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I just found out that the /proc/$pid/mem file permissions are set to read/write for the owner. Why? Does that mean that the owner can write to process memory as it runs live?

(For the record, I haven't been able to open, print or write to the contents of that file for any process I launch yet, via various means).

So why is that some of the contents in /proc are actually modifiable? Is this deliberate, or something overlooked by the Linux devs?

Much appreciated.

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Stay calm - procfs is secure :) Here are a couple of good links: Access the Linux kernel using /proc and tldp.org/LDP/Linux-Filesystem-Hierarchy/html/proc.html –  paulsm4 May 10 '13 at 19:47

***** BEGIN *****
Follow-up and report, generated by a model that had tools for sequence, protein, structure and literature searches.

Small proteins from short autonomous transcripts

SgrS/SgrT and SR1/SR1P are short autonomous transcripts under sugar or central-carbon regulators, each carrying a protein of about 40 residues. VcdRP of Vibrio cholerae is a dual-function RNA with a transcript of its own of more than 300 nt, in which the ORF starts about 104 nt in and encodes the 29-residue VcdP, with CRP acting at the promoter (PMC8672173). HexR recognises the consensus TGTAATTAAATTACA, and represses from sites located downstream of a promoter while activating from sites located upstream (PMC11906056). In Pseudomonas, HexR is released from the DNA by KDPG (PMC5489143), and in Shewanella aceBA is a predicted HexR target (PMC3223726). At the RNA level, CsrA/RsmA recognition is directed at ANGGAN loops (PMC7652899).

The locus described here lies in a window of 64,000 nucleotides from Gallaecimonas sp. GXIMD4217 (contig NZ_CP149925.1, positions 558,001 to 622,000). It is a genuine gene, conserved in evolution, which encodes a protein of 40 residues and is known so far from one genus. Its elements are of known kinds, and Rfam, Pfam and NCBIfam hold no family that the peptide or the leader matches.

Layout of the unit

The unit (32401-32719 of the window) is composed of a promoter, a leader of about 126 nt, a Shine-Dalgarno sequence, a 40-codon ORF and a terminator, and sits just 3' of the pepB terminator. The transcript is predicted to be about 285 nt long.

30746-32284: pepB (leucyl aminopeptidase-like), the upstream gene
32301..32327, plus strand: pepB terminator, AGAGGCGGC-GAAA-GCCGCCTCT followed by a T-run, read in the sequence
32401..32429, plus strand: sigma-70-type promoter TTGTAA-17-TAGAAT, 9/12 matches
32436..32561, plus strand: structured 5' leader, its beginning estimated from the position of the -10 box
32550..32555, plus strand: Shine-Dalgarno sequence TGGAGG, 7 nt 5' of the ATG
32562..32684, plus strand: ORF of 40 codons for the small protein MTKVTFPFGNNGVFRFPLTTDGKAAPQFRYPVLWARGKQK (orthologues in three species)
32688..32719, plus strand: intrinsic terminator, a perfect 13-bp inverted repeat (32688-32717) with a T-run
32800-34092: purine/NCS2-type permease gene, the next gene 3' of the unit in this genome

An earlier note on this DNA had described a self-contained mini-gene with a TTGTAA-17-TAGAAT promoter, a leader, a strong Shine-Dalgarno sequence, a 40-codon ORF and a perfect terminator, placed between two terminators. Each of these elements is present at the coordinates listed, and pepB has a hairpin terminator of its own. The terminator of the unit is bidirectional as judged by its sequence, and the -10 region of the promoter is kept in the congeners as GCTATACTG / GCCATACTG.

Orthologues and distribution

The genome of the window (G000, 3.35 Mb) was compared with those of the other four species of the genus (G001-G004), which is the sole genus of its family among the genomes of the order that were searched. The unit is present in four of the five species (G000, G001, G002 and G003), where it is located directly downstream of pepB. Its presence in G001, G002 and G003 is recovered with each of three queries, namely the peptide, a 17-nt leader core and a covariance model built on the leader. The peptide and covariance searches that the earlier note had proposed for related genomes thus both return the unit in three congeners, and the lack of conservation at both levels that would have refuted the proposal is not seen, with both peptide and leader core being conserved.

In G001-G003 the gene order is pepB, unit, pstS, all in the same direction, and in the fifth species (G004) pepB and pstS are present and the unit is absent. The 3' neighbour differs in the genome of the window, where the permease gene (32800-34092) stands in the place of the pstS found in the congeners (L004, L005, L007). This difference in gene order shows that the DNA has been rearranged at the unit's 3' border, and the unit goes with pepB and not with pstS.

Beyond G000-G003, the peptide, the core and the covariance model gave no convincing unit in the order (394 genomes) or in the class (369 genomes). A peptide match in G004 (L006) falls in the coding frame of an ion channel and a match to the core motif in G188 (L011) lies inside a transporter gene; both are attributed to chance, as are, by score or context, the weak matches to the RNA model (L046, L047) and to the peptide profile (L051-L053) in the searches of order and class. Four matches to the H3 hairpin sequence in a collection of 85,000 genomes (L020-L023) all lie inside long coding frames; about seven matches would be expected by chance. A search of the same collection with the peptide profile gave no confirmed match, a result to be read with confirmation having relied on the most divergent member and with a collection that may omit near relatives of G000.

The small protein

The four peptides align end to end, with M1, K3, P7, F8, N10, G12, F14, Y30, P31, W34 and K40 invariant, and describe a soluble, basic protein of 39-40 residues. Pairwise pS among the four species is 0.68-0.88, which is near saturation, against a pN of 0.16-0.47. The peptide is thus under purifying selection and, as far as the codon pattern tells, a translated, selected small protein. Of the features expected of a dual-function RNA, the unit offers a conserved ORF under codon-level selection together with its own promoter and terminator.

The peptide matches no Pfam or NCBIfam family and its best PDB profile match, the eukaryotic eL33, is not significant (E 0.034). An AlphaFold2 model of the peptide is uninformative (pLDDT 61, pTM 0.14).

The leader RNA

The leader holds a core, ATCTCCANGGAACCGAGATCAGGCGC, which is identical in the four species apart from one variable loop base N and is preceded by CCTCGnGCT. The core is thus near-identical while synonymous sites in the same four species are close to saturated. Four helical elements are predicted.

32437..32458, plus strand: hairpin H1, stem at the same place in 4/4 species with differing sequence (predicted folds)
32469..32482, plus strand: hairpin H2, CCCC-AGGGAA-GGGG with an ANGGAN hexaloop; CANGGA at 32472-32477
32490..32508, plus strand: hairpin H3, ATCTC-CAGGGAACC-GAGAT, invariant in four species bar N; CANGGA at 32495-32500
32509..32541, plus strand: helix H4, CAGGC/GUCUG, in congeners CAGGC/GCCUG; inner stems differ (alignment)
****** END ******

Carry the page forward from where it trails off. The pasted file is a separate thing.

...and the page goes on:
And you cannot access /proc/$pid/mem from offset 0, you need to go to some meaningful offset (look into /proc/$pid/maps and use lseek). –  Basile Starynkevitch May 10 '13 at 21:19
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/proc is a directory-based view of information the kernel makes available to you.

Yes ... you can change it.

see this example :

echo "1" > /proc/sys/net/ipv4/ip_forward

you could use sysctl to configure these kernel items.

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